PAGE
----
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As Recovery Continues, Chicago Retail Outperforming Other Major Cities

Starbucks Chicago Roastery, 646 North Michigan Ave.

Retail foot traffic in the four largest U.S. cities was hitting 2019 levels throughout much of the second half of 2021, then thinned out after the arrival of both the delta and omicron variants, according to the location analytics form

But Chicago has fared a bit better during the past few months than cities such as New York City and Los Angeles. Foot traffic in its retail outlets bounced back in the fall, a recovery which has continued into the winter, found.

“Of the four major cities analyzed, New York City — where the retail sector relies heavily on tourists and office workers — suffered the heaviest blow,” according to a recent company report.

Summertime activity was good for New York retailers, stated, with traffic levels in July equaling the traffic seen in July 2019. The rise of the delta variant seemed to discourage shoppers there, and September traffic declined by 7% when compared to 2019, and in December traffic levels were still down 4%. Los Angeles saw similar declines.

Chicago retailers avoided these severe disruptions. Stores here were already outperforming their counterparts on the coasts as of last summer. Traffic in July 2021 was up about 2% over the July 2019 level, found. By August, traffic was up 4%. And after suffering a blip in foot traffic across much of the fall shopping season, by December retailers were back to equaling the market’s performance in December 2019, just before the pandemic’s onset. Houston retailers saw nearly the same trends.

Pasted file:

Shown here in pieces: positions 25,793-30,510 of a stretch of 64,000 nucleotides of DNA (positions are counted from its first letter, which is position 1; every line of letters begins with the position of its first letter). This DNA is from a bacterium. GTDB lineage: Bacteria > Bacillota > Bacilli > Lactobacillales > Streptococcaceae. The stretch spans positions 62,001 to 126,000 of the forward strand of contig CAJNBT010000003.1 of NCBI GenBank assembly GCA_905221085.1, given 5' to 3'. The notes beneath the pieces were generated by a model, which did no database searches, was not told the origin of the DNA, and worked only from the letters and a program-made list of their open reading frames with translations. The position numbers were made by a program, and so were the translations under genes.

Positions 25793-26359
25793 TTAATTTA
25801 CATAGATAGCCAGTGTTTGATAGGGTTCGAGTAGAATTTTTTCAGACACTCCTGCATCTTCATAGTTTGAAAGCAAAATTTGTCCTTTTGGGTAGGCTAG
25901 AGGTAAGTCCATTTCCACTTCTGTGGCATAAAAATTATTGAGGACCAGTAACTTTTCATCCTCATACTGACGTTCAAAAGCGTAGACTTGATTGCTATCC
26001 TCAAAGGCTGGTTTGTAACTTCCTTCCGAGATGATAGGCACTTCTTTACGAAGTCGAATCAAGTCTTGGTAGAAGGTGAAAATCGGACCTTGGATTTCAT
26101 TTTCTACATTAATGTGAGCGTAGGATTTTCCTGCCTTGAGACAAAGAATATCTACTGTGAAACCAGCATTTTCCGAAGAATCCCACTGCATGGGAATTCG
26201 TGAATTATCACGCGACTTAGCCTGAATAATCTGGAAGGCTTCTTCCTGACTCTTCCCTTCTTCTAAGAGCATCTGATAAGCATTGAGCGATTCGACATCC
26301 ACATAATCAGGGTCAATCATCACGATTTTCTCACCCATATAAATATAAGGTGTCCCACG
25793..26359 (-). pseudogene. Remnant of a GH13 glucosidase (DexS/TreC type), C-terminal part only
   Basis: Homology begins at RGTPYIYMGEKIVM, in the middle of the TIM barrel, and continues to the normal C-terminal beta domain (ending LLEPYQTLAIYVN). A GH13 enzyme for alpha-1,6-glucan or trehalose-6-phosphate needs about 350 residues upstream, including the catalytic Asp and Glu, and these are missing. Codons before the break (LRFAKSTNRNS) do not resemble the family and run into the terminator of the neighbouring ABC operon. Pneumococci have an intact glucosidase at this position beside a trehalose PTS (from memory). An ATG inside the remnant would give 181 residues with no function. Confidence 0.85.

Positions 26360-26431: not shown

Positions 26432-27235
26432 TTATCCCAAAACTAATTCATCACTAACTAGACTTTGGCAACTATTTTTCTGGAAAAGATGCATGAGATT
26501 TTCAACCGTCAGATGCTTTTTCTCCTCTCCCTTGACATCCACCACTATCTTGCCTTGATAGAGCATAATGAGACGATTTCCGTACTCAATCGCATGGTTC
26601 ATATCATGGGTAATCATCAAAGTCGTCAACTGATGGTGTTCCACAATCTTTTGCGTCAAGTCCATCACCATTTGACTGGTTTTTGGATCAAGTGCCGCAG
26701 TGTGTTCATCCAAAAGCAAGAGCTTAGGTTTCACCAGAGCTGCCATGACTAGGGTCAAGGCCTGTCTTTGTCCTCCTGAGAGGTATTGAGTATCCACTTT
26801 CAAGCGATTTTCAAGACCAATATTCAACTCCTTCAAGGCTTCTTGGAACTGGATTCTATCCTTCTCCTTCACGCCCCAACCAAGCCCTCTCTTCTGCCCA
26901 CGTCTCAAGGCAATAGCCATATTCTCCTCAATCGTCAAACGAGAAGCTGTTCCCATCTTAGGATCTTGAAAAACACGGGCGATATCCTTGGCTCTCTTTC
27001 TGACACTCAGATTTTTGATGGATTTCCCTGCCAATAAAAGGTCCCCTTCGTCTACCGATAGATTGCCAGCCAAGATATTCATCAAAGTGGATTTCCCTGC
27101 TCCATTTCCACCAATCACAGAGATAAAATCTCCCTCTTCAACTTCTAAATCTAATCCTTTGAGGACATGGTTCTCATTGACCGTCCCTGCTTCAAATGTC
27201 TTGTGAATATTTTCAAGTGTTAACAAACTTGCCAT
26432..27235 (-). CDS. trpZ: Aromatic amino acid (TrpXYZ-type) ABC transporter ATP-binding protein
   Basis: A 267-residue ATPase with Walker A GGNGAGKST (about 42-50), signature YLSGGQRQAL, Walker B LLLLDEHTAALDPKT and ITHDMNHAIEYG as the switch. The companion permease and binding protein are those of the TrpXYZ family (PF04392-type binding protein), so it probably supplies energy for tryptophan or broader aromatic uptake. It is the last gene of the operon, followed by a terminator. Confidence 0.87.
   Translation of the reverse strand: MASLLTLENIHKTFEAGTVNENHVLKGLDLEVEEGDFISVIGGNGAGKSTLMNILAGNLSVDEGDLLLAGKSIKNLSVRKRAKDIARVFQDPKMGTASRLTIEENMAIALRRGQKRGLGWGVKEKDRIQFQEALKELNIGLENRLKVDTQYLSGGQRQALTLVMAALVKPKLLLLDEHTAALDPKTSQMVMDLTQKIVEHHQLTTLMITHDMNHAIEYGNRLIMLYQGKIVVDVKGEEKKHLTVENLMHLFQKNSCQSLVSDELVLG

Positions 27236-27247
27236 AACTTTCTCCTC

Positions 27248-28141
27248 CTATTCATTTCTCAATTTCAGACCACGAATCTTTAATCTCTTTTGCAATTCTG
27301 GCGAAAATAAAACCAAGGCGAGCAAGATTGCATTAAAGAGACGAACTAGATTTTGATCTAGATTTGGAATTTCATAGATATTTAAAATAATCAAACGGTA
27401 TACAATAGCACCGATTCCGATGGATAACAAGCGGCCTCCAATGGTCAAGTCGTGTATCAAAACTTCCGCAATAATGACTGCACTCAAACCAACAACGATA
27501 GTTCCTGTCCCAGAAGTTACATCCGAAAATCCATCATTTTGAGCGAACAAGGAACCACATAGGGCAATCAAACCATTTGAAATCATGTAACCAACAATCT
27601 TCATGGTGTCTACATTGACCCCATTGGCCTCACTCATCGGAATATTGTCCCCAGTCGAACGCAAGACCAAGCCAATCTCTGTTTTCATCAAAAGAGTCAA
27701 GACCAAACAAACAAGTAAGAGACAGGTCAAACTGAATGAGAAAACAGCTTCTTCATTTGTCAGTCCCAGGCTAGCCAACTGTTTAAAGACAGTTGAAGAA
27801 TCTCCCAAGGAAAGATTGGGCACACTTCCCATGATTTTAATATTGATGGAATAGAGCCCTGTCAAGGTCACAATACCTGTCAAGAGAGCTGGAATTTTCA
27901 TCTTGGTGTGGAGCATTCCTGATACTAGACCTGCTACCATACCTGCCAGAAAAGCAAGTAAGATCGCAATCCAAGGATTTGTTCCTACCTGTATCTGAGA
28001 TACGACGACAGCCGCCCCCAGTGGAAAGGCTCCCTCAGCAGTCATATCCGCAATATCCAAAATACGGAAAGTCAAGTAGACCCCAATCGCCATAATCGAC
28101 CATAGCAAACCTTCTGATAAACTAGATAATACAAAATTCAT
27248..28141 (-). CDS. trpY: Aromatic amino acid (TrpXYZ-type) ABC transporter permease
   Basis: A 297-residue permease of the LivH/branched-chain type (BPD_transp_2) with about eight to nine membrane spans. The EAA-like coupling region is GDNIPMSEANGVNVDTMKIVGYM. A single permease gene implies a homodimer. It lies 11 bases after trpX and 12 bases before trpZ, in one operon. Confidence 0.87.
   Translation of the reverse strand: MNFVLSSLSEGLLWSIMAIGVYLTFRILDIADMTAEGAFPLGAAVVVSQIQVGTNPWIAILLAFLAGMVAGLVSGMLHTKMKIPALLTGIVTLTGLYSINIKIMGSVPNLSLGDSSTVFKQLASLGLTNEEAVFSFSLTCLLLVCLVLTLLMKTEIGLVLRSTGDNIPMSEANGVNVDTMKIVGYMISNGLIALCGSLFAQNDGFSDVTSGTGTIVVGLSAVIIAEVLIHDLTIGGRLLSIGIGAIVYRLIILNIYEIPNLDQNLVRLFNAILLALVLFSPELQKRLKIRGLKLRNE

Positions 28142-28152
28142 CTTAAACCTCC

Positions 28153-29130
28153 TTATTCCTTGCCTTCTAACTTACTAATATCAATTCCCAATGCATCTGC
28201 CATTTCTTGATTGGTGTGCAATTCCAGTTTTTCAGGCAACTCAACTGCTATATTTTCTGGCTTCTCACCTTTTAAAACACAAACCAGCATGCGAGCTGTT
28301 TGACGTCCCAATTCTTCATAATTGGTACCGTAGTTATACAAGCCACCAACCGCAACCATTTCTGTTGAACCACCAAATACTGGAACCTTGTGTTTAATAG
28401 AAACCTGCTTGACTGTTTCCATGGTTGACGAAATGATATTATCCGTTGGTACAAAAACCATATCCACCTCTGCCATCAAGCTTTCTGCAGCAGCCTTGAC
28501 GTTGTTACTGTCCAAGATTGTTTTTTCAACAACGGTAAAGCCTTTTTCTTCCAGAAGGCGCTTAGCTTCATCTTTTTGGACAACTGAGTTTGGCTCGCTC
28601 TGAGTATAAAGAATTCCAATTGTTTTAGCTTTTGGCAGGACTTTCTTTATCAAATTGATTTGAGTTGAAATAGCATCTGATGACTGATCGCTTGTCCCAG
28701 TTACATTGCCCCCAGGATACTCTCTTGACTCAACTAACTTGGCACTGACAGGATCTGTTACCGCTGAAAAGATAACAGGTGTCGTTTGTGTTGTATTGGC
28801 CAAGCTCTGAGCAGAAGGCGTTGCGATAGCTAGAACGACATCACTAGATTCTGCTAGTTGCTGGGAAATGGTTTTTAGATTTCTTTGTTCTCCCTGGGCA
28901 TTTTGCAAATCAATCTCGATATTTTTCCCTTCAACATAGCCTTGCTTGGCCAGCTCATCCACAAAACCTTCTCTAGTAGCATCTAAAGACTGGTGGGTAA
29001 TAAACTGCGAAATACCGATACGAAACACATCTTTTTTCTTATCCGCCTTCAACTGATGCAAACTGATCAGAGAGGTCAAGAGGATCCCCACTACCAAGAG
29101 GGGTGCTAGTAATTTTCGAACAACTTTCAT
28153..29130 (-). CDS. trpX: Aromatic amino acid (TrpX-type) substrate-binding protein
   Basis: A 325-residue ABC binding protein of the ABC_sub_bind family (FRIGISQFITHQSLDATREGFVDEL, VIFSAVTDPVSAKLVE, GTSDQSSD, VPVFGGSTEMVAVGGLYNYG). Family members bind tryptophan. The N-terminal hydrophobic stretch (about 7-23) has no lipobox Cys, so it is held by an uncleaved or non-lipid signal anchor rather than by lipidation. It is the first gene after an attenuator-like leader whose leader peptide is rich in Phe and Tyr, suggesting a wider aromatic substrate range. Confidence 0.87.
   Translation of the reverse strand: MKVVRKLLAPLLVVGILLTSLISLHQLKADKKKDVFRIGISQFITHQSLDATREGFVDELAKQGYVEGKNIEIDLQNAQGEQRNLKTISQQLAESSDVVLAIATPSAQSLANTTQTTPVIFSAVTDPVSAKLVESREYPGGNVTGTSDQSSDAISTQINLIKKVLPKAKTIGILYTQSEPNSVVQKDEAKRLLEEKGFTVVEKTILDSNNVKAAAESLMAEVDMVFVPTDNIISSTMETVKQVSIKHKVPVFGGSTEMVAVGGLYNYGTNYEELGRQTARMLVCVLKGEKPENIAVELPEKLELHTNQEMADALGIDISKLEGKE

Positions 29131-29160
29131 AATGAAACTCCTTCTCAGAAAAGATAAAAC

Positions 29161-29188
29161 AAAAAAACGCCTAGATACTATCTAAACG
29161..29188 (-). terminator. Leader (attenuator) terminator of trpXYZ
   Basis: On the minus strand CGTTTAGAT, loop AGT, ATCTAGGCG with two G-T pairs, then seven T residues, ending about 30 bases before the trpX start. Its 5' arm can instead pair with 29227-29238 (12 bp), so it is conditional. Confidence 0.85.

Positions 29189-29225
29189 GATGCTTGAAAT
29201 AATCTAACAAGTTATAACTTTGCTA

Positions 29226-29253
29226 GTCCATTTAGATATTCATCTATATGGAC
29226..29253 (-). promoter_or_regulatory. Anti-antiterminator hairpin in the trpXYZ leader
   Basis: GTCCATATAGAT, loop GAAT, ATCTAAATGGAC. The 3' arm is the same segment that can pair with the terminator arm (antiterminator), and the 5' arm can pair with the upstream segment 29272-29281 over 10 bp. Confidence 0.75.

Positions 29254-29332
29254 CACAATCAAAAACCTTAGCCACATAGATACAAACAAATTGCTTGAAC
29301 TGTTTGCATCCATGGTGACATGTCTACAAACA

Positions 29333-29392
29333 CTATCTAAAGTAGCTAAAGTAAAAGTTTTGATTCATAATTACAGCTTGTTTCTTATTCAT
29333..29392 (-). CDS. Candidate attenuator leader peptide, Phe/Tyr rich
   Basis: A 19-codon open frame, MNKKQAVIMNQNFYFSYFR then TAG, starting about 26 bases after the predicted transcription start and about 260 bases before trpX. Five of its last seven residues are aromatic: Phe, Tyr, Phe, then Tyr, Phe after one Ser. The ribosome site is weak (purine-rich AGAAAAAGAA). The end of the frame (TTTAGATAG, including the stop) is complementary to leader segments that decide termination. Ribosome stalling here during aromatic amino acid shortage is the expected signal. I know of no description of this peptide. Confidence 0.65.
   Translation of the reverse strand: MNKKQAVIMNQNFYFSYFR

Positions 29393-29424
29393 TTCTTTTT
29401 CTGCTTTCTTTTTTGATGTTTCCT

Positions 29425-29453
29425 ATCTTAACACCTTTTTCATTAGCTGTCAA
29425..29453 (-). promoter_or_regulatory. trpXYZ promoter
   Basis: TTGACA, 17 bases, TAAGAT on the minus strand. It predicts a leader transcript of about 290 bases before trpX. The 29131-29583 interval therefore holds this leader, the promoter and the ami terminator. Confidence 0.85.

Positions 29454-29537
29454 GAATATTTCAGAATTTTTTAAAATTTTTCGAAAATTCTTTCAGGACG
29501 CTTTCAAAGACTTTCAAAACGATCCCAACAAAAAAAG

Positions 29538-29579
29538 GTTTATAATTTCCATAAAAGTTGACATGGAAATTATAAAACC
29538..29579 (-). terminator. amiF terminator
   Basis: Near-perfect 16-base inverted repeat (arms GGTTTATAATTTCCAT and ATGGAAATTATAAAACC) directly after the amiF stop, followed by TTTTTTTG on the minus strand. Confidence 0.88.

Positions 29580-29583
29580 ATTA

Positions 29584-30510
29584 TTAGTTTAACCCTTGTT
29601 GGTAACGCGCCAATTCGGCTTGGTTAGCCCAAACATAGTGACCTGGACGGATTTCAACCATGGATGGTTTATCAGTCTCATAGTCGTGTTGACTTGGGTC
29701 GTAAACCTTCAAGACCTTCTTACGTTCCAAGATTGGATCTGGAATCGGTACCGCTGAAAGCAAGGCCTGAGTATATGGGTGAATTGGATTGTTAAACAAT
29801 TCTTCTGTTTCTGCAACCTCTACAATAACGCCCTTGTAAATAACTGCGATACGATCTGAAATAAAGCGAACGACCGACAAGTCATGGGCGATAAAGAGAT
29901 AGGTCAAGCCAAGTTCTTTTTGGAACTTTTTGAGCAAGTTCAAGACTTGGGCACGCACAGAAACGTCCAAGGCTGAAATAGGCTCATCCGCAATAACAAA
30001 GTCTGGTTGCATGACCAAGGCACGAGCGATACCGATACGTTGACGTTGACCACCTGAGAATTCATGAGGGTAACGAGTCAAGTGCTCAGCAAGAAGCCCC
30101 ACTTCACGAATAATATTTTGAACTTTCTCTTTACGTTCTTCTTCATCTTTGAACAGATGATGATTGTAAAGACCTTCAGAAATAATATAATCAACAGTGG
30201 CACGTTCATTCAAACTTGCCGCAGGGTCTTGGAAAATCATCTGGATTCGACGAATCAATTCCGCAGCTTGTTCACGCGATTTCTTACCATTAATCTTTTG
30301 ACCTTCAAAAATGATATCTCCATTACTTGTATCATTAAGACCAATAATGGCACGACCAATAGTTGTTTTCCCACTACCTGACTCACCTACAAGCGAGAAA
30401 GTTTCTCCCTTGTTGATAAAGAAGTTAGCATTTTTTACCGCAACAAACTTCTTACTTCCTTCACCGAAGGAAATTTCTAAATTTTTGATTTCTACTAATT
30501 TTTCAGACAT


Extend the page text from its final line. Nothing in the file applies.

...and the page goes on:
Retail landlords have also fared better in Chicago, according to a market conditions report released by JLL in January. Retail rents in Chicago increased 0.9% between Q1 2020 and Q3 2021, the firm found. That’s not much, but rates in New York City and Los Angeles during the same period declined 1.3% and 0.5%, respectively. 

“But behind the overall retail visit numbers lies a more complicated reality,” added in its report.

Some retailers in struggling cities are doing great business, the company’s researchers found. At the same time, other brands with strong nationwide foot traffic still see fewer customers in otherwise healthy cities.

“Chicago, which has seen the strongest retail recovery of the four cities analyzed, saw Target and Starbucks underperform their nationwide average,” according to

Foot traffic in Starbucks’ in Chicago was up 7.2% in November over the November 2019 level and up 1.1% in December over the traffic recorded in December 2019. Although that’s an improvement, it’s still far behind the more than 20% gains during the same period seen for Starbucks’ in New York City and the 7.7% boost seen in Los Angeles’ Starbucks in December.